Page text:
U.S. DOT turning to social media to push Congress to fix failing infrastructure

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U.S. DOT announced Monday that it's putting pressure on elected leaders with the hashtag #ShowUsYourInfraWear. (Source: KPHO/KTVK) U.S. DOT announced Monday that it's putting pressure on elected leaders with the hashtag #ShowUsYourInfraWear. (Source: KPHO/KTVK)
(Source: Twitter) (Source: Twitter)
(Source: Twitter) (Source: Twitter)
MESA, AZ (3TV/CBS 5) -

Tired of potholes, ripped up streets or bumpy bridges in your town? Now you can take your traffic issues right to the top with social media.

Instead of passing a long-term plan to fund our failing infrastructure, critics, including those in the trucking industry, say Congress has decided to kick the can down the road.

Monday, it certainly felt hot enough to melt rubber. But auto experts say jacked-up roads actually damage tires the most.

"Tires go through rigorous bouts of training, so the heat is negligible," explained Sean Hortan, a manager at a Phoenix Community Tire location. "It's really the condition of the roads that would cause issues with the tires."

RELATED: Damaged roads costing motorists hundreds of dollars a year

The U.S. Department of Transportation says we can all do the nation's infrastructure and, by extension, our vehicles a big favor in the month of August.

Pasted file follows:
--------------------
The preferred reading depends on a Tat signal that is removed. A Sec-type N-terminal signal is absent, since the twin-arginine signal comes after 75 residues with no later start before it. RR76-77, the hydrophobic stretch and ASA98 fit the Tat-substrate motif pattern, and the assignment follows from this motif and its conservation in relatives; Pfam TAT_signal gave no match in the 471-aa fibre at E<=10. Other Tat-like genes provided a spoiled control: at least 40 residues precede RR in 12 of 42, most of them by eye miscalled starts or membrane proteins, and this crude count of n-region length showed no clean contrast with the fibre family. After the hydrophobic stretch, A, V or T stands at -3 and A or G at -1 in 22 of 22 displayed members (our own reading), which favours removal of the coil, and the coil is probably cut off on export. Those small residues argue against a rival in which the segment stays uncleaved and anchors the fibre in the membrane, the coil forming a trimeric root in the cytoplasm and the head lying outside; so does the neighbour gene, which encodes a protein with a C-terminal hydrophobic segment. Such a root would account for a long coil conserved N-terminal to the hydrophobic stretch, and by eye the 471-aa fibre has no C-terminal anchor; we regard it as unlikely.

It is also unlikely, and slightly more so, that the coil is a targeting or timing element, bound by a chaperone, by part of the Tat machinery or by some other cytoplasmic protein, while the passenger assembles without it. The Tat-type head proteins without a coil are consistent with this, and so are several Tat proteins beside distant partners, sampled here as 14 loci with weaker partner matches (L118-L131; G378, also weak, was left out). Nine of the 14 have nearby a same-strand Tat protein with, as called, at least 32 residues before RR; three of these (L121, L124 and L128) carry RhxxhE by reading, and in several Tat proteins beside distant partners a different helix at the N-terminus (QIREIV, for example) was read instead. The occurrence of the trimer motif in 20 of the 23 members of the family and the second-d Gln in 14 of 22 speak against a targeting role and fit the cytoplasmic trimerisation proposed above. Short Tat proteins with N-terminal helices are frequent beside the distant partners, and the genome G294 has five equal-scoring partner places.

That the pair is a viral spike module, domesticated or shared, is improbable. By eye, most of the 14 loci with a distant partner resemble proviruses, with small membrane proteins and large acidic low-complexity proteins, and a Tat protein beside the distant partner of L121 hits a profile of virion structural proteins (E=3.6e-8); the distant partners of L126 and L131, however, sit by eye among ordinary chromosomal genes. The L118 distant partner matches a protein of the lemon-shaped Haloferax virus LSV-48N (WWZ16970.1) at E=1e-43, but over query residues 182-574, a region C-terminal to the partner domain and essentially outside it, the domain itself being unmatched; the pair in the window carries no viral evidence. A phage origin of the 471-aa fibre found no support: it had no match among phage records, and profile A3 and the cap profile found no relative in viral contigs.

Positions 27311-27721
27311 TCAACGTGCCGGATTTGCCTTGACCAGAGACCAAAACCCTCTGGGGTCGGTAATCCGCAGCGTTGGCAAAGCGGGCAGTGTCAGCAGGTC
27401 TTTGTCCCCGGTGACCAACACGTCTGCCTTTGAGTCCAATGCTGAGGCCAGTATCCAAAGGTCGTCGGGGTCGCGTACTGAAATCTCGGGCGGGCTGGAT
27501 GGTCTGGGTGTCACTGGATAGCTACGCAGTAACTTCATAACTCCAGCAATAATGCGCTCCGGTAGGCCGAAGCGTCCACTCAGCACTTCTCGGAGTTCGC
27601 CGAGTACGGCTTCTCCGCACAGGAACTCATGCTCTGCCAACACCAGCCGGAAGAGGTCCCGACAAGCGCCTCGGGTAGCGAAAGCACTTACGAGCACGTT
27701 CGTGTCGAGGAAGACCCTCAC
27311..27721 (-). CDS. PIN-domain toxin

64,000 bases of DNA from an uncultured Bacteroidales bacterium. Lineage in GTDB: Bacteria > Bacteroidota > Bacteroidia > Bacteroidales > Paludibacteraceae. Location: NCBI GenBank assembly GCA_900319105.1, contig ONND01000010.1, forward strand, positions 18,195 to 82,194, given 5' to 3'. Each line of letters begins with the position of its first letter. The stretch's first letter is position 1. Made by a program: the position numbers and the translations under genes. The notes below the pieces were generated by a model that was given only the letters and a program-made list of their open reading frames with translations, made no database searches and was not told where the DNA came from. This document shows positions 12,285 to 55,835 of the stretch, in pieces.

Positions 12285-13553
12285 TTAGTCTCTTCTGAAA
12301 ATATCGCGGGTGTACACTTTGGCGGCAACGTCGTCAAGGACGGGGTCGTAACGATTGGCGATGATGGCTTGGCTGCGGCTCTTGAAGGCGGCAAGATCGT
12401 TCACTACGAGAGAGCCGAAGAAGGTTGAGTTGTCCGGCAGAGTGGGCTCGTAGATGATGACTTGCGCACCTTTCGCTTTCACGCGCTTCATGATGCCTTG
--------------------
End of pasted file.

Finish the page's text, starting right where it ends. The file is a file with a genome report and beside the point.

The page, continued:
"People take our infrastructure for granted," said Tony Bradley, president of the Arizona Truckers Association. "I think it's good to show the problems."

U.S. DOT announced Monday that it's putting pressure on elected leaders with the hashtag #ShowUsYourInfraWear. In other words, take a picture of aging, deteriorating roads and bridges, and then Tweet or Instagram it using the hashtag and U.S. DOT handle, @USDOT.

SOCIAL: @USDOT on Twitter | @USDOT on Instgram

"We do have these infrastructure needs in Arizona that need to be addressed," Bradley said.

The campaign comes after transportation officials called out Congress for passing a three-month, short-term extension to crucial highway funding. Then Congress left for August recess. How crucial is that funding? Arizona gets 70 percent of its highway funding from the federal government.

"It's sad that that is one of the responsibilities that they have is highway funding," Bradley added.

If you need proof of failing infrastructure, just remember that bridge on I-10 that collapsed a couple of weeks ago. That closure cost about $2.5 billion -- per day.

"This is an opportunity for the public to say, 'Here's a problem that I see every day,'" Bradley said. "'Policymakers, please take a look.'"

A 2013 inventory found there are 716 bridges in Arizona using outdated standards and old design features. But the government says they are still safe.

Copyright 2015 KPHO/KTVK (KPHO Broadcasting Corporation). All rights reserved.

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